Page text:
Saugor sentence example

saugor
  • The province, therefore, now consists of the five British divisions of Jubbulpore, Nerbudda, Nagpur, Chhattisgarh and Berar, which are divided into the twenty-two districts of Saugor, Damoh, Jubbulpore, Mandla, Seoni, Narsinghpur, Hoshangabad, Nimar, Betul, Chhindwara, Wardha, Nagpur, Chanda, Bhandara, Balaghat, Raipur, Bilaspur, Amraoti, Akola, Ellichpur, Buldana and Wun; and the fifteen tributary states of Makrai, Bastar, Kanker, Nandgaon, Kairagarh, Chhuikhadan, Kawardha, Sakti, Raigarh, Sarangarh, Chang Bhakar, Korea, Sirguja, Udaipur and Jashpur.
    0
    0
  • To the north the districts of Saugor and Damoh form the southern boundary of the Vindhyan escarpment.
    0
    0
  • In the latter division are comprised the two Vindhyan districts of Saugor and Damoh, Jubbulpore at the head of the Nerbudda valley, and the four Satpura districts of Mandla, Seoni, Betul and Chhindwara, which enjoy, owing to their greater elevation, a distinctly lower average temperature than the rest of the province.
    0
    0
  • There are six main divisions of the people: the Dravidian tribes, who formerly held the country; Hindi-speaking immigrants from the north and north-west into Saugor, Damoh, the Nerbudda valley and the open country of Mandla and Seoni; Rajasthani-speaking immigrants from Central India into Nimar, Betul and parts of Hoshangabad, Narsinghpur and Chhindwara; Marathi-speaking immigrants from Bombay into Berar, the Mahratta districts and the southern tahsil of Betul; the Telugu castes in the Sironcha and Chanda tahsil of Chanda and the south of Bastar; and the Hindu immigrants into Chhattisgarh, who are supposed to have arrived many centuries ago when the Haihaya dynasty of Ratanpur rose into power.
    0
    0
  • The, 6th century saw the establishment of a powerful Gond kingdom by Sangram Sah, who succeeded in 1480 as the 47th of the petty Gond rajas of Garha-Mandla, and extended his dominions so as to include Saugor and Damoh on the Vindhyan plateau, Jubbulpore and Narsinghpur in the Nerbudda valley, and Seoni on the Satpura highlands.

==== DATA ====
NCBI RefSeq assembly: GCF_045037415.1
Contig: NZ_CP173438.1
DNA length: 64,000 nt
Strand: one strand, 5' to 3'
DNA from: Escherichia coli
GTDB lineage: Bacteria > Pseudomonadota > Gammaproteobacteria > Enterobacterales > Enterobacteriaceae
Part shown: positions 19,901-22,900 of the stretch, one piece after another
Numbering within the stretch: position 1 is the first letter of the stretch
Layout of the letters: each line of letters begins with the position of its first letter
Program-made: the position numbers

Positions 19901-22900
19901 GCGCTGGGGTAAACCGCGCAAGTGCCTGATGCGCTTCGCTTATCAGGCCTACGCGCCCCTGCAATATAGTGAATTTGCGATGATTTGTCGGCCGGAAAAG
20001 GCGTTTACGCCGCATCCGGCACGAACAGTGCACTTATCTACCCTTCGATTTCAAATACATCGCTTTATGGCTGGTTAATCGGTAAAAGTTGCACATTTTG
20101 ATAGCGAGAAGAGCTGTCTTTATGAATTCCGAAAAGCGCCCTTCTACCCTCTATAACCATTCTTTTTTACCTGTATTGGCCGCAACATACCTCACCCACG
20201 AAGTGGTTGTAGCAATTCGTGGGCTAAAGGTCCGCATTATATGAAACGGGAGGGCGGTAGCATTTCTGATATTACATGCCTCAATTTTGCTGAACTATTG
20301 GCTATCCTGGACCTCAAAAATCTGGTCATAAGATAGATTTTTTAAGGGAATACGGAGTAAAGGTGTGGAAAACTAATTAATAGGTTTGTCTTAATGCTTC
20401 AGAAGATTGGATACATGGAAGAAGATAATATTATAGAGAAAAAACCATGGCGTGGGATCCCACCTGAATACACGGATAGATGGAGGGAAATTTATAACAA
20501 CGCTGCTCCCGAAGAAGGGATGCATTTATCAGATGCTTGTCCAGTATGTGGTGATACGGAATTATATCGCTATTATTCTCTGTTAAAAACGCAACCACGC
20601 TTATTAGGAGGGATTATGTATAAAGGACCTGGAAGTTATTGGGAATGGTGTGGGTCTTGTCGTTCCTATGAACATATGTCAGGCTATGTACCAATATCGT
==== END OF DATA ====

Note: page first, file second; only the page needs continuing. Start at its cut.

0
    0
    Advertisement
  • Sangram Sah died in 1530; and the break up of his dominion began with the enforced cession to the Mogul emperor by Chandra Sah (1563-1575) of Saugor and Damoh and of that portion of his territories which afterwards formed the state of Bhopal.
    0
    0
  • In 1733 the peshwa of Poona invaded Bundelkhand; and in 1735 the Mahrattas had established their power in Saugor.
    0
    0
  • In spite of a treaty signed with the British in this year, Mudhoji in 1817 joined the peshwa, but was defeated at Sitabaldi and forced to cede the rest of Berar to the nizam, and parts of Saugor and Damoh, with Mandla, Betul, Seoni and the Nerbudda valley, to the British.
    0
    0
  • The territories in the north ceded in 1817 by the peshwa (parts of Saugor and Damoh) and in 1818 by Appa Sahib were in 1820 formed into the Saugor and Nerbudda Territories under an agent to the governor-general, and in 1835 were included in the newly formed North-West Provinces.
    0
    0
  • They included the Delhi territory, transferred after the Mutiny to the Punjab; and also (after 1853) the Saugor and Nerbudda territories, which in 1861 became part of the Central Provinces.
    0
    0
    Advertisement
  • Advancing from Bombay Sir Hugh Rose relieved Saugor on the 3rd of February, after it had been invested by the rebels for upwards of seven months.
    0
    0
  • A branch of the Indian Midland railway was opened throughout from Saugor to Katni in January 1899.
    0
    0
  • The BengalNagpur line has now opened up the eastern portion of the country, bringing it into direct connexion with Calcutta; and a new branch of the Indian Midland, from Saugor through Damoh, has been partly constructed as a famine work.
    0
    0